Lauren Elizabeth Cunningham
Charlie Brouwer at Whitespace Gallery

Now through September 1, artworks by Charlie Brouwer are on display at Whitespace Gallery. Brouwer, a Michigan-born artist who lives in the Blue Ridge Mountains of Virginia, clearly finds inspiration in his rural residence. Images of the countryside dominate his current body of work. Prefacing his personal vision, an oversized grand piano greets visitors as they approach the gallery. A ladder extends from the piano into the sky above, suggesting the ability of music to transport listeners to a higher realm. The sculpture sets the tone for an exhibition that celebrates transcendental experiences.

Just inside the gallery, viewers encounter an impressive installation. A dense collection of upright ladders reaches to the ceiling. In the center of the grouping is a horizontal human figure constructed from the same wood as the ladders. Is the figure dead or asleep? Both possibilities are supported by the installation's title, Now I Lay Me... (also the title of the exhibition). The phrase is the beginning of a well-known bedtime prayer in which the supplicant asks for God's protection and grace should death come during the night. Thus the mass of ladders serve as a sanctuary for its occupant.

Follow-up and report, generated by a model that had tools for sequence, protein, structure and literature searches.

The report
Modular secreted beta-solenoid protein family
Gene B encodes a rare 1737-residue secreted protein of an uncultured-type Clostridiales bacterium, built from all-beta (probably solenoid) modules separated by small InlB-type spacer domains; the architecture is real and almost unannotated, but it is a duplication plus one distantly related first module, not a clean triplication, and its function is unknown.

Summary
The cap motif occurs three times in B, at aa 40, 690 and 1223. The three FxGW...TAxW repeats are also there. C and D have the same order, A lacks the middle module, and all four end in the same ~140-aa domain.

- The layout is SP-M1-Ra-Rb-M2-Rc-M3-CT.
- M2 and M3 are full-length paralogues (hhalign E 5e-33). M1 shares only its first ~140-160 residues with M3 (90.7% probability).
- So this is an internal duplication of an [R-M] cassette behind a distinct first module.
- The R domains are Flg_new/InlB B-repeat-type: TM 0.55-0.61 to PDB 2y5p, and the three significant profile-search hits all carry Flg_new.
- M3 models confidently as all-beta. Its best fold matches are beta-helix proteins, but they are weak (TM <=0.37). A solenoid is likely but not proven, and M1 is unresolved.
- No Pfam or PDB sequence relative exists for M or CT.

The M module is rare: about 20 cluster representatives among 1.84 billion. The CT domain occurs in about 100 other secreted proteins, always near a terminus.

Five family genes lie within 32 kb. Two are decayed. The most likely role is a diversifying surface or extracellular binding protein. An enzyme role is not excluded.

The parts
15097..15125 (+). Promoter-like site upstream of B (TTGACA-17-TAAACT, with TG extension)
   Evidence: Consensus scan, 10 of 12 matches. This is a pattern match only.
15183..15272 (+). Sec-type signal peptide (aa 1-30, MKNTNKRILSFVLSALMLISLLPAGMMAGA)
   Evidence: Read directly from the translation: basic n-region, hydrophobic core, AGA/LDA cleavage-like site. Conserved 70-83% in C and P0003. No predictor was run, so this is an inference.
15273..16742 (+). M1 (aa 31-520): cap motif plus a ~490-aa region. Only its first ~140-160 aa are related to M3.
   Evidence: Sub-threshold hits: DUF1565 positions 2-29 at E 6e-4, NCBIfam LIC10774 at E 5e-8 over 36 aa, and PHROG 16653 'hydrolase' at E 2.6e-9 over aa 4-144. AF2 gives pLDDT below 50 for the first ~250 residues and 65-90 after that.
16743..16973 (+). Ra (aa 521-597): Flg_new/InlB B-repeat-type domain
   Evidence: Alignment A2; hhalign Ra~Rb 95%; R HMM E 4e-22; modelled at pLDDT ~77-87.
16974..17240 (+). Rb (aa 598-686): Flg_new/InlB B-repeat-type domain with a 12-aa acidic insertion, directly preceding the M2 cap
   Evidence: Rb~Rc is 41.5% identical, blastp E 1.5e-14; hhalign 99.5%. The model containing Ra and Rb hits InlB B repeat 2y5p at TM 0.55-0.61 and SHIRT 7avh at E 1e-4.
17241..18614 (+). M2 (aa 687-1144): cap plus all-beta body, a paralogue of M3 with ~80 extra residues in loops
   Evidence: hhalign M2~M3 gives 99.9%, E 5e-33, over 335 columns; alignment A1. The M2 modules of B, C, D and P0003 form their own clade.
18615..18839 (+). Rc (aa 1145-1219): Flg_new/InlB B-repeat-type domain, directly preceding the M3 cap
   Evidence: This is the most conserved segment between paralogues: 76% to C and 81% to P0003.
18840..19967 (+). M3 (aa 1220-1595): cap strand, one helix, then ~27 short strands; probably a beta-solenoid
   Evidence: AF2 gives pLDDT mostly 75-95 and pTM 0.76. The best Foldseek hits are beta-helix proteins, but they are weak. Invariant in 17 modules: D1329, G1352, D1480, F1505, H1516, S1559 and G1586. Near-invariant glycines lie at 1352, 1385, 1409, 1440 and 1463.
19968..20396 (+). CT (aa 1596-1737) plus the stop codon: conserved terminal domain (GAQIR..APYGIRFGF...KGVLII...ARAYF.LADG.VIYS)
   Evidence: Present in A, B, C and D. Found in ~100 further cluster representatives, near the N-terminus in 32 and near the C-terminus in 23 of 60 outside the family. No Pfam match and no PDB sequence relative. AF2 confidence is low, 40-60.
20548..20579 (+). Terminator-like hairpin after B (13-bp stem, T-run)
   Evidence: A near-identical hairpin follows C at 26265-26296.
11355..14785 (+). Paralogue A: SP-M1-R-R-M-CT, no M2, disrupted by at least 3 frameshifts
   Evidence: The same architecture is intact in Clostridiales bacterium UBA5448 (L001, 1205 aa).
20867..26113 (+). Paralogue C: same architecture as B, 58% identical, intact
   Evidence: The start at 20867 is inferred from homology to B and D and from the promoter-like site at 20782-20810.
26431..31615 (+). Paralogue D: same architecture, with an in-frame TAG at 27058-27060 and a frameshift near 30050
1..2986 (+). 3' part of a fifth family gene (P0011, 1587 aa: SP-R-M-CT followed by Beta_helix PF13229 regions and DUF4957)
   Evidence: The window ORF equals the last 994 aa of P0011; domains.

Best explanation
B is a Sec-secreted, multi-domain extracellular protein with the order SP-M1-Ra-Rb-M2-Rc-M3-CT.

The thirty drawings in the exhibition continue the visual and spiritual qualities of the installation. The vertical orientation of the paper and the horizontal lines of text in each drawing mirror the rails and rungs of the ladders. The exhibition is further unified by a neutral palette and rough, modest aesthetic. The ladders are as rustic as Brouwer's imagery, which includes pastoral fields, starry skies, open roads, clapboard houses and, of course, more ladders. Rendered in black and white media, with hazy and shadowy areas, the scenes are best understood as memories of mystical events.

Both the drawn and real ladders symbolically connect the natural world with the spiritual realm. They are markers of transcendental experiences. The drawings capture the invigoration a person feels when gazing upon a beautiful meadow or walking through a quiet forest. In the installation, the figure is raised up not from climbing the ladders. Rather, something inmaterial keeps the figure suspended peacefully among them, high enough that viewers cannot make out a face. In an elevated state, identity becomes irrelevant. Now I Lay Me... is an exhibition about losing oneself in the moment.

Regrettably, the sheer quantity of drawings undermines their innate humility. Brouwer set out to make thirty works on paper, a prescription that may account for some drawings seeming redundant and/or formulaic. The verbose titles could also benefit from some editing. The words from the artist and variety of literary sources, including the New Testament, William Shakespeare, and Leonard Cohen, feel a touch didactic. Nonetheless, the body of work credits Brouwer's healthy work ethic and thoughtful approach. This cohesive and contemplative exhibition is definitely worth seeing.
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